Author of this post:
CBS Project Manager Melanie
Last night, it started raining and it rained, and rained, and rained and rained, and rained… around 1pm it stopped shortly, just to continue again… In the morning, the temperature was around 27° C. Even though that is actually not cold, compared to what temperatures my body got accustomed in the past months, I felt it was cold – or at least chilly – and YES, I wore a sweater at 27°C!!!
Just some months ago, it used to be around 40° in the middle of the afternoon. BUT, normally, already in the mornings the thermometer on my phone would state information like: “Feels like 55°C”. If I had not been here myself, I would have also just shook my head and not believed. But yes, at times it was really really unbelievably hot. And what do the children here do? Closing from school at 3pm, in the hottest of the hottest sun, they are still running around, playing football on a field with not an inch of shade.
I was far less active than that!! We maybe rather managed to find a place a little cooler under a nice old mango tree and slip on a beer!!! And on very hot days, we would take a trip to Tono to the canals and take a refreshing dip!!
The Navrongo-Tono dam is one of the largest agricultural dams in West Africa built in the 70’s/80’s and sourced from the river Tono. It serves as a place for year round farming. The 2 mile long dam serves seven villages in the Kassena Nankana District and about 2,490 hectares land is irrigated with water from the Tono dam. Crops cultivated here are mainly rice, soya, beans and tomatoes.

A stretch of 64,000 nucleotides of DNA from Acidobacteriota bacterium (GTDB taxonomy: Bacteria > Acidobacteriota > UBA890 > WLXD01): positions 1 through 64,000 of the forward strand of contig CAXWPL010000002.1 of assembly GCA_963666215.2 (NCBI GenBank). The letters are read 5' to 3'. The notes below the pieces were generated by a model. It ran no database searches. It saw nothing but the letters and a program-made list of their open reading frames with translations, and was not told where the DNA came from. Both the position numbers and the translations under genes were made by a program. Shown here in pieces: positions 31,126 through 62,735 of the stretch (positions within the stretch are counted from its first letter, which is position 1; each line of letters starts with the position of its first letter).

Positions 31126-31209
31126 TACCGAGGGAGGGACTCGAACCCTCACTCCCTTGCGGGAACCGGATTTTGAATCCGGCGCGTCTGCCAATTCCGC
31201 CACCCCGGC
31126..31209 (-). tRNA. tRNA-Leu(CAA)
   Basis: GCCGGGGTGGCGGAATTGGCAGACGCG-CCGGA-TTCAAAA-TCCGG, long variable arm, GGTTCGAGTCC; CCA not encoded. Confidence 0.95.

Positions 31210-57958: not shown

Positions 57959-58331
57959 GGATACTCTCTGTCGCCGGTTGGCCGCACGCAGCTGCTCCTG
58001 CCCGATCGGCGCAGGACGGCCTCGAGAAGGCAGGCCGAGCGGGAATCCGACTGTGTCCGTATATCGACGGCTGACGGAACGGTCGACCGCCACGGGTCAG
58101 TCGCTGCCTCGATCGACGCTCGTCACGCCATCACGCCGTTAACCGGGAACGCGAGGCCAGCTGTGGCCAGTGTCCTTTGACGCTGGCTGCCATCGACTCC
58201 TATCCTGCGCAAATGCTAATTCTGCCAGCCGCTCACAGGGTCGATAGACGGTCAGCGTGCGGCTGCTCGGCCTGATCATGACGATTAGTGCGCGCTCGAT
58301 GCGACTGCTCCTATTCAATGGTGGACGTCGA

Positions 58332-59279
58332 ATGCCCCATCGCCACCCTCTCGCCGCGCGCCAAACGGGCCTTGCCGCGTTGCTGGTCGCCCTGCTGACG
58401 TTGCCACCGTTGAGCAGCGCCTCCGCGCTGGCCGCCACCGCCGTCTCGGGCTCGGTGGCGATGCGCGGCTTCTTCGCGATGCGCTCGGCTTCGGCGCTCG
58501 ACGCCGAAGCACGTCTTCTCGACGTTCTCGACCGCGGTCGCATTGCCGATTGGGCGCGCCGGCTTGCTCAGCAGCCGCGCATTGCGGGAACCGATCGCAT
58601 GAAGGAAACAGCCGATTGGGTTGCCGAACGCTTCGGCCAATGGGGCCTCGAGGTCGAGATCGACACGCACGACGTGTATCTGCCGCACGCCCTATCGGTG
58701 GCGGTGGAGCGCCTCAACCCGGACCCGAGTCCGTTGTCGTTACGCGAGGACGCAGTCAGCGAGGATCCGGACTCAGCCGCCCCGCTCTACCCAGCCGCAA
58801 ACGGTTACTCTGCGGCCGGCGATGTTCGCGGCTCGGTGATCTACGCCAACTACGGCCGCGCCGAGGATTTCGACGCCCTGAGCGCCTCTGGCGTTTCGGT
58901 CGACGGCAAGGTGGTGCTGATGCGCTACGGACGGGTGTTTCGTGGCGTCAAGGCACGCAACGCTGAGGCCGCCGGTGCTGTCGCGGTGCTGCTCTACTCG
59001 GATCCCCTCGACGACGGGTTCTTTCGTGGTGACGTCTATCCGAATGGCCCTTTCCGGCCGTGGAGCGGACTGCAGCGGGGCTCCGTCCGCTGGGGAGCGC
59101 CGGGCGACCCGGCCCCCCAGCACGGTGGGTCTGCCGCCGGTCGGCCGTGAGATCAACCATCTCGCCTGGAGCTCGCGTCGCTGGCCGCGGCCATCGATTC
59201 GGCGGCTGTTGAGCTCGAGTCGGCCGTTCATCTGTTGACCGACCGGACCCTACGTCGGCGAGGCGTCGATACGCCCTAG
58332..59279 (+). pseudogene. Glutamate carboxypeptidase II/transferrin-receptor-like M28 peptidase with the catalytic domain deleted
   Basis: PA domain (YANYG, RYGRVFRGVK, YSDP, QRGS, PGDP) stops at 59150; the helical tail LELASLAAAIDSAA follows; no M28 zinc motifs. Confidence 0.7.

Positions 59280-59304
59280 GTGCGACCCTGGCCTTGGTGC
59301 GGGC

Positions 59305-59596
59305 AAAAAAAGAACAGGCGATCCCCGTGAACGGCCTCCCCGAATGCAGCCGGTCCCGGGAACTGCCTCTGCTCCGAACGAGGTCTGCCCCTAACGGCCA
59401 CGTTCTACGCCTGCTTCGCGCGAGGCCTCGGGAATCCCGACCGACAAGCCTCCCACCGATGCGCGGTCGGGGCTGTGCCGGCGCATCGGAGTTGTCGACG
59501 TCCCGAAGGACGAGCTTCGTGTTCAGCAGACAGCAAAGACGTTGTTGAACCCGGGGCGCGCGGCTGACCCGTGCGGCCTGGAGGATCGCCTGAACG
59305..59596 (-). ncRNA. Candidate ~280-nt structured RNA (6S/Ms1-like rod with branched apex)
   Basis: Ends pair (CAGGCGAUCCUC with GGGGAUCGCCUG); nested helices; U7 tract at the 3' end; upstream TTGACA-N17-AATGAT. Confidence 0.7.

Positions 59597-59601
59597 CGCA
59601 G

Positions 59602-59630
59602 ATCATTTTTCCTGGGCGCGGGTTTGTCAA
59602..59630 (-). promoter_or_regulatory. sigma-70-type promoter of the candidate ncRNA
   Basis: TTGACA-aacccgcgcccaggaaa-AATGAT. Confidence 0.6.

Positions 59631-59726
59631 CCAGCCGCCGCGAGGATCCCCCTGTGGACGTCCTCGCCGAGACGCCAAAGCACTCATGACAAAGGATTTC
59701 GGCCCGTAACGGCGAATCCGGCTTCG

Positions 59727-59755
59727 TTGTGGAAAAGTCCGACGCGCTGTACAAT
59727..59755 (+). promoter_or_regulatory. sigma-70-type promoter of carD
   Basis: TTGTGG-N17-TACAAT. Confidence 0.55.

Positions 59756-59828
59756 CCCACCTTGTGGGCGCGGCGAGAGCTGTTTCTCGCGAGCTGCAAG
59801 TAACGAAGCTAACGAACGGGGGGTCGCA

As I hear, the dam has created the ideal conditions for a snail type which participates in the life cycle of the schistosomiasis parasite. Despite this parasite danger, the dam and canals offer opportunities for swimming. A lot of people also use the canals for washing or bathing. So, with the necessary caution, you can enjoy swimming on days with a blazing hot sun!!
As you might have already read in another post, there’s a club house in Tono. There’s a swimming pool, for which the water is also supplied from the dam.
A lot more fun and very very refreshing though is to swim directly in the canals!
Now as I’m writing this, it’s past 10pm, and according to the weather app, the temperature has gone down to 23°. Luckily, my body has adjusted fast and NO, I am no longer wearing a sweater
About the author:
Melanie is a social anthropologist and holds a MA in Development Studies with a focus on Local Development Strategies from the distinguished Institute of Social Studies in The Hague. She is a qualified trainer of youth leaders in Africa-Europe Youth Cooperation and has led youth projects in Switzerland, Ghana and Kenya.
Melanie is a Co-Founder of CBS Business School and the Co-President of Sono